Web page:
New Works of Karen Lee Dunn and Susan Fiori at Galería San Francisco

New Works of Karen Lee Dunn and Susan Fiori at Galería San Francisco


Opening Reception for Artists Karen Lee Dunn and Susan Fiori
Sat, Mar 7, 5-7pm
Galería San Francisco
Fábrica Aurora Local #E

By Susan Santiago

Galería San Francisco is pleased to present the new work of gallery artists Karen Lee Dunn and Susan Fiori in an exhibition opening Saturday, March 7, during the Fábrica Aurora Art Walk.

Dunn has lived and worked in San Miguel de Allende since her retirement in 2007 after a long career in advertising in Mexico City.

Initially working in charcoal, pastel, and ink, she was first introduced to oil painting while studying at Belles Artes “El Nigromante” in 2008 and immediately knew that she’d found her new passion.

Her discovery of Tom and Donna Dickson’s work in a local gallery impressed her, and she subsequently studied with Donna for five years, honing her skills and becoming the painter she is today. Dunn joined Susan Santiago at Galería San Francisco in 2015.

She continues to see San Miguel as an endless source of inspiration in light, color, and creativity. Early morning and late afternoon shadows can turn a plain facade into a complex tapestry of shadow and brightness. The originality of the architectural details and the costumes, celebrations, and personalities of the people continue to entice and call out to be captured. Each new work is an exciting challenge.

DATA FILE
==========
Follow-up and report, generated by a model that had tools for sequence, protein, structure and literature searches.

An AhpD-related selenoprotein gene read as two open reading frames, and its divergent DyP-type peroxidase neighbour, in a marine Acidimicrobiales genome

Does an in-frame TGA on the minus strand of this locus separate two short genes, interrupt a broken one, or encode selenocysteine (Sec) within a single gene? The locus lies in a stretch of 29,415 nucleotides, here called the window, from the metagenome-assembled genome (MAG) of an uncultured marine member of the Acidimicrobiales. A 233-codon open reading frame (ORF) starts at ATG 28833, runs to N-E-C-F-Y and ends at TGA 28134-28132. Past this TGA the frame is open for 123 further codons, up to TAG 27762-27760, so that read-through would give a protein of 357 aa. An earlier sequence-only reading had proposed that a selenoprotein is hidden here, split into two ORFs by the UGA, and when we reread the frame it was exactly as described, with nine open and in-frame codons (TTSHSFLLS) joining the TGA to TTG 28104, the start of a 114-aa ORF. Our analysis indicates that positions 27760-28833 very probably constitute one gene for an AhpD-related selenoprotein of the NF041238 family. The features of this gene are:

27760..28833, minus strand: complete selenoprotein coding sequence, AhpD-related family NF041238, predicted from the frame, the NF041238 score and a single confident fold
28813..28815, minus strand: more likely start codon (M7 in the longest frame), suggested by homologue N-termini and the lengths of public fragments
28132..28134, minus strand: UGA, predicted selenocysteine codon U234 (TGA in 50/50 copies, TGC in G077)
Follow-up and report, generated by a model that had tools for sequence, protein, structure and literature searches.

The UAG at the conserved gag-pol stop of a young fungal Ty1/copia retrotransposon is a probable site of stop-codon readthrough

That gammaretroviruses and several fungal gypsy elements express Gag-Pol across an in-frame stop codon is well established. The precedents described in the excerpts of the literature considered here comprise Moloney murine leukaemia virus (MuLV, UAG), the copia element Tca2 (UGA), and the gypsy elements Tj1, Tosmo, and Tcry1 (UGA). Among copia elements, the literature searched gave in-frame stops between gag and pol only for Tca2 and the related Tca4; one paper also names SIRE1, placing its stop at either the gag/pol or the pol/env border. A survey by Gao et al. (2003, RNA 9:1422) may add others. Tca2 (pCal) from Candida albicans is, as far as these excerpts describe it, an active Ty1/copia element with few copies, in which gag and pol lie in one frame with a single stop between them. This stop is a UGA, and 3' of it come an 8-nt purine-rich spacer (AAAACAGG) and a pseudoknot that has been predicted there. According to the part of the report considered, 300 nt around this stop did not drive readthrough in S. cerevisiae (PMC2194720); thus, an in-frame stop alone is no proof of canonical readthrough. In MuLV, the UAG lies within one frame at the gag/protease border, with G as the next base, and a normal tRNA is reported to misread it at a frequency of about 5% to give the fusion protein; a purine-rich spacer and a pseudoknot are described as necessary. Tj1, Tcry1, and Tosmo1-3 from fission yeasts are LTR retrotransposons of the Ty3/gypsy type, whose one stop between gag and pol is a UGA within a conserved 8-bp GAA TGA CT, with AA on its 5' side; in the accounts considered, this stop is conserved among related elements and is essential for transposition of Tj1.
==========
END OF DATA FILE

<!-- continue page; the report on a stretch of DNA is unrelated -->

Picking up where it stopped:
“There is a magical energy in San Miguel that I sense each and every time I go out to the street,” Dunn said. “Even on the most mundane journey throughout town, something will capture my eye, and I must paint it. I rarely leave the house without my camera. I am so pleased to have the opportunity to attempt to capture the wonder that I feel on the canvas and hope that the observer will connect somehow to that emotion.”

Fiori’s current exhibition brings to light yet another chapter in her life long artistic evolution. Emerging from a recent period during which she explored the creation of narrative metal sculptures, her newborn work in ceramic sculpture is an exciting and altogether natural transition between the different languages of these two mediums. She reflects, “Using a clay body is so luxurious, soft, and responsive. As I begin to give it form, there is a continual dialogue between the malleability of the medium and that of myself that is both energizing and humbling.”

Fiori’s sculptures are inspired by dreams, folklore, myths, fables, and “musings that seem to arise unbidden.” Her fertile imagination allows for images both serious and whimsical while remaining sensitive to the medium.

After firing, her work is sealed, and only a dusting of pastel is used to enhance dimensionality. What remains is pure and simple in form.

Fiori adds, “I often fall in love with my work. I am moved by both the privilege of making art and the bliss that comes while engaging so completely in the process. The idea that a lump of clay can turn into a thing of beauty or wonder—that it can embody and inform my ideas and my longings—that just takes my breath away.”